Federal Forces Dispatched to Iguala, Mexico, as Evidence Mounts Against Local Police in Student Massacre
October 7, 2014 By Staff
Top Story – Federal forces have taken over security in the Mexican town of Iguala, disarming local police officers as evidence mounts of their involvement in a Sept. 26 shooting that left six dead, 25 injured and at least 43 missing.
Local police in Iguala are suspected of colluding with the gang Guerreros Unidos in carrying out the attack. Those shot or missing comprised a group of student teachers seeking donations for protests against discriminatory hiring practices in the education sector, as well as soccer players apparently mistaken for protesters.
On Saturday, the remains of at least 28 people were discovered in mass graves not far from the area where the shootings took place. Many of the remains had been badly burned, and DNA identification will take anywhere from two weeks to two months.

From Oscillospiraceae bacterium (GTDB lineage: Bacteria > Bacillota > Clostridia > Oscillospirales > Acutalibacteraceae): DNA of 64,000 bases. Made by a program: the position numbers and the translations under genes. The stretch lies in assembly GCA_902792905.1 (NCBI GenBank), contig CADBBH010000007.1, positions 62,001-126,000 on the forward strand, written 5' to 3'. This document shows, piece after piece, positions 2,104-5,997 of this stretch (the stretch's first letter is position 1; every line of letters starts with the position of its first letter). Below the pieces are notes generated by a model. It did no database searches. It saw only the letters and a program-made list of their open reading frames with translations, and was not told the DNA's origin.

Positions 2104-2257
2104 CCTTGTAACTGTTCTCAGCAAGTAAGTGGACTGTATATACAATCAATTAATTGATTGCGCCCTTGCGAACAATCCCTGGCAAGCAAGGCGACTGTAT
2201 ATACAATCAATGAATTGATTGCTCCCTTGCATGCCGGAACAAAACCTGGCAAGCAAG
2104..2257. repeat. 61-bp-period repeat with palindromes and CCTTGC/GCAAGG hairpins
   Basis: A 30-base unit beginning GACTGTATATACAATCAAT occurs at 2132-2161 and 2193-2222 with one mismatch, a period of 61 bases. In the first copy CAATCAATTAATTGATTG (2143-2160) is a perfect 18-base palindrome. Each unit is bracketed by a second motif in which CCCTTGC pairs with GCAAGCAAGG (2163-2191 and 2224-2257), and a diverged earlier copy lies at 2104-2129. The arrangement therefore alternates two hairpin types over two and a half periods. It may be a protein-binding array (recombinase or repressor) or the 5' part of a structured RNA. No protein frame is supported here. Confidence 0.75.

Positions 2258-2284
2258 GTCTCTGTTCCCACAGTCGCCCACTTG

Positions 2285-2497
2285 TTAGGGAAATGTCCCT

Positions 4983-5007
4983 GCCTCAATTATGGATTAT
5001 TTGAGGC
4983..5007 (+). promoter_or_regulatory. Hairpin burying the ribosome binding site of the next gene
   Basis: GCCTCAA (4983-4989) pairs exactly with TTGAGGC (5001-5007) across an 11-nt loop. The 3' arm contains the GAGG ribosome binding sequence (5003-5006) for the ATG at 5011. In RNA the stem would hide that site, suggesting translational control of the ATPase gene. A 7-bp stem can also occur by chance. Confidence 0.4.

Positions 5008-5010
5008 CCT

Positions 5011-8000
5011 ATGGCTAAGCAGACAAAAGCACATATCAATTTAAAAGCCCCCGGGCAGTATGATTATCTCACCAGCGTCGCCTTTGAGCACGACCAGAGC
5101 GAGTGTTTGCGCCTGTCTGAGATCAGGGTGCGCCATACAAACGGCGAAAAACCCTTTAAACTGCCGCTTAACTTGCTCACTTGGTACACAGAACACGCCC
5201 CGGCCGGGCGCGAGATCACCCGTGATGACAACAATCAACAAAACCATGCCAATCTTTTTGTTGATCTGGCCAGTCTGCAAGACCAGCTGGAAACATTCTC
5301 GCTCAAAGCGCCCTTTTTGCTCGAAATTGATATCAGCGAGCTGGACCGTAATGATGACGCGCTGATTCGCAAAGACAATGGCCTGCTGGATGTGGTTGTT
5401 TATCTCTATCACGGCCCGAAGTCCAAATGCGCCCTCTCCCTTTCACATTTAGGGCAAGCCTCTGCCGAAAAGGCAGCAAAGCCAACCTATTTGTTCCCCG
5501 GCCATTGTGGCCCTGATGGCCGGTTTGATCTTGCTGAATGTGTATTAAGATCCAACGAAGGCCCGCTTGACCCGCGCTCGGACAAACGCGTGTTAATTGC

Authorities have detained about 30 people accused of involvement in the attack, including 22 police officers. Two high-ranking police officials remain at large.
A banner placed in Iguala and signed under the name of the Guerreros Unidos threatened “war” if the 22 detained officers are not released within 24 hours.
On Sunday, thousands of students blocked the main highway connecting Mexico City and Acapulco to demand information about their missing colleagues’ whereabouts.
President Enrique Peña Nieto, who dispatched the federal officials on Monday, called the student deaths “outrageous, painful and unacceptable.” Mexico’s National Human Rights Commission has started an investigation of its own into the “serious human rights abuses” potentially perpetrated by the Iguala police. Amnesty International has called for “full and thorough investigations.”
Headlines from the Western Hemisphere
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